Red Deer Advocate file photo

Mentally ill central Alberta man who killed father not criminally responsible: psychiatrist

Nicholas Johnson killed his father Barry Johnson in Stettler in January 2020

Warning: This story contains graphic details.

A Stettler man was mentally ill and believed he was battling Satan and should not be held criminally responsible for killing his father, a forensic psychiatrist testified in court Tuesday.

“His mental disorder rendered him incapable of appreciating what he was doing was wrong,” said Dr. David Tano, a forensic psychiatrist who assessed Nicholas Climb Johnson.

“He could appreciate it was criminally illegal and not right. However, morally it was a battle for him.”

Johnson, 34, is on trial in Red Deer Court of Queen’s Bench for second-degree murder, accused of stabbing to death his father Barry Douglas Johnson, 67, in his Stettler home on Jan. 15, 2020.

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Stettler man accused of killing father

The defence has conceded that Johnson killed his father but is arguing that he should not be held criminally responsible because of a mental disorder.

Johnson attacked his father in the early morning of Jan. 15. He stabbed his father 27 times and hit him with a clothes iron and a large rock.

His mother discovered what he had done when she returned home in the early afternoon. Her husband’s body lay under a sheet in the basement.

She called 911 and Stettler RCMP arrived within minutes. Officers found Nicholas at the kitchen table staring blankly, his hands badly cut from the struggle with his father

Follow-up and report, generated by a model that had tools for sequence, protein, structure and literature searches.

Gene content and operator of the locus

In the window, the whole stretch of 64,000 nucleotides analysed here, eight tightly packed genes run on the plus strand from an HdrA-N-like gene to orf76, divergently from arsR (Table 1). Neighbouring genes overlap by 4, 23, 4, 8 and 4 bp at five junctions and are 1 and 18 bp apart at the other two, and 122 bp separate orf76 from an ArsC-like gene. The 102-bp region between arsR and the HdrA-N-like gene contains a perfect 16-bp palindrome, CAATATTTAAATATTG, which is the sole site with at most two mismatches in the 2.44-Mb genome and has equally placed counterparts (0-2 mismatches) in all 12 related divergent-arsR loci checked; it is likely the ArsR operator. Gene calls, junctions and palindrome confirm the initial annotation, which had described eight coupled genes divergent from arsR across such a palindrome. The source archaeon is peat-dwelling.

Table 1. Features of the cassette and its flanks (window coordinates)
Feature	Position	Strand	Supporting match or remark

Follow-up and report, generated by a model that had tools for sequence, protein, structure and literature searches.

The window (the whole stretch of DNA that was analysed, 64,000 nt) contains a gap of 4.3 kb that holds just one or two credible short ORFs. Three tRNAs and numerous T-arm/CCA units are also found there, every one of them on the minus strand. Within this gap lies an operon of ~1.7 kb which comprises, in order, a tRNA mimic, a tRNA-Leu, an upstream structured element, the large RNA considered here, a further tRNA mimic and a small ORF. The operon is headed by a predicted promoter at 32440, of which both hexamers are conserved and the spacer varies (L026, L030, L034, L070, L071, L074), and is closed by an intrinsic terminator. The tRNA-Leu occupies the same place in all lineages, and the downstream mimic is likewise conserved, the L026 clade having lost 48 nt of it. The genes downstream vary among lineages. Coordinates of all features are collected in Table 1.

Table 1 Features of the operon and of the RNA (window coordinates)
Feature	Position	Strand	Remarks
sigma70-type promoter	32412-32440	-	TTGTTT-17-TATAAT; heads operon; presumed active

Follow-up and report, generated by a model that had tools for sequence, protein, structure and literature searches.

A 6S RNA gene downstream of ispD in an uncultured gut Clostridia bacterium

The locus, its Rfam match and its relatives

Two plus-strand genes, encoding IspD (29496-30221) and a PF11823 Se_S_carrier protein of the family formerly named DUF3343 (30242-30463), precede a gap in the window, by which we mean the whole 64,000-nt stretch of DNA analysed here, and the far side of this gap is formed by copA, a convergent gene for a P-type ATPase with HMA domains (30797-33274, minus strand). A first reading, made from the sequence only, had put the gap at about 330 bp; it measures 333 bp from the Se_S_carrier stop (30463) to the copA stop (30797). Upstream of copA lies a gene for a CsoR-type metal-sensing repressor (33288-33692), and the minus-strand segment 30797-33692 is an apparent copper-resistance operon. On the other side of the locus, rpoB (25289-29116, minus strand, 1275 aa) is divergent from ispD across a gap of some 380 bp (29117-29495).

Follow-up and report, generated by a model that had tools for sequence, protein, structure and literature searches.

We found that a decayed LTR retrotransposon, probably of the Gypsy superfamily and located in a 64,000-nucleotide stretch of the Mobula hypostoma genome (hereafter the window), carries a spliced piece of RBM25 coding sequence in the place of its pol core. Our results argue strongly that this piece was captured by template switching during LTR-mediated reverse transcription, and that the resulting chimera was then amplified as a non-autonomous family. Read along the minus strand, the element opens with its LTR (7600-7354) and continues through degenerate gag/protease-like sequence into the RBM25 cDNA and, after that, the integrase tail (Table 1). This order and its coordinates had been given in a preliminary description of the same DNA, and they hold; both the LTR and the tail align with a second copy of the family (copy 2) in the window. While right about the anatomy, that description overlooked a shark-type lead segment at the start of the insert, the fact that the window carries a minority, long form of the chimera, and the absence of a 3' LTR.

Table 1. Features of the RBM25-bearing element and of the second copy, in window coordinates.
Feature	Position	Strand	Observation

Tano said he first interviewed Johnson in April 2020 through a video link with the Red Deer Remand Centre. COVID-19 restrictions did not allow for a face-to-face meeting.

He was concerned enough about the psychotic symptoms Johnson showed to have him transported to the Southern Alberta Forensic Psychiatry Centre in Calgary.

Johnson was assessed and continued to exhibit symptoms of psychosis. He had odd delusions, made bizarre connections and exhibited “thought blocking” in which his thoughts were so confused as to be unintelligible.

“He would be quite nonsensical, especially when stressed.”

Johnson appears to have shown his first signs of mental illness in 2014 and perhaps even earlier, he testified.

His mental illness got worse in 2019.

In May that year, he was found wandering naked except for a bag over his genitals. He was taken to Edmonton’s University of Alberta Hospital to be examined.

Johnson blamed the episode on a bad reaction to the drug ecstasy that he had taken the night before and doctors agreed it was likely an episode of drug-induced psychosis.

By January 2020, the symptoms appeared to be getting worse. He was increasingly delusional, believing their was some connection between his father and Satan. In his mind, he felt he would somehow be freed if he killed his father and his father would be proud of him for doing it.

Questioned after the murder, he called a large knife he used as the “sword of truth.”

Despite his mental illness, Johnson appeared to know killing his father would be a crime. He locked the front door of the house, attempted to clean up the crime scene and had emptied a chest freezer, supposedly to hide the body.

The trial before Justice Bruce Millar continues Wednesday.



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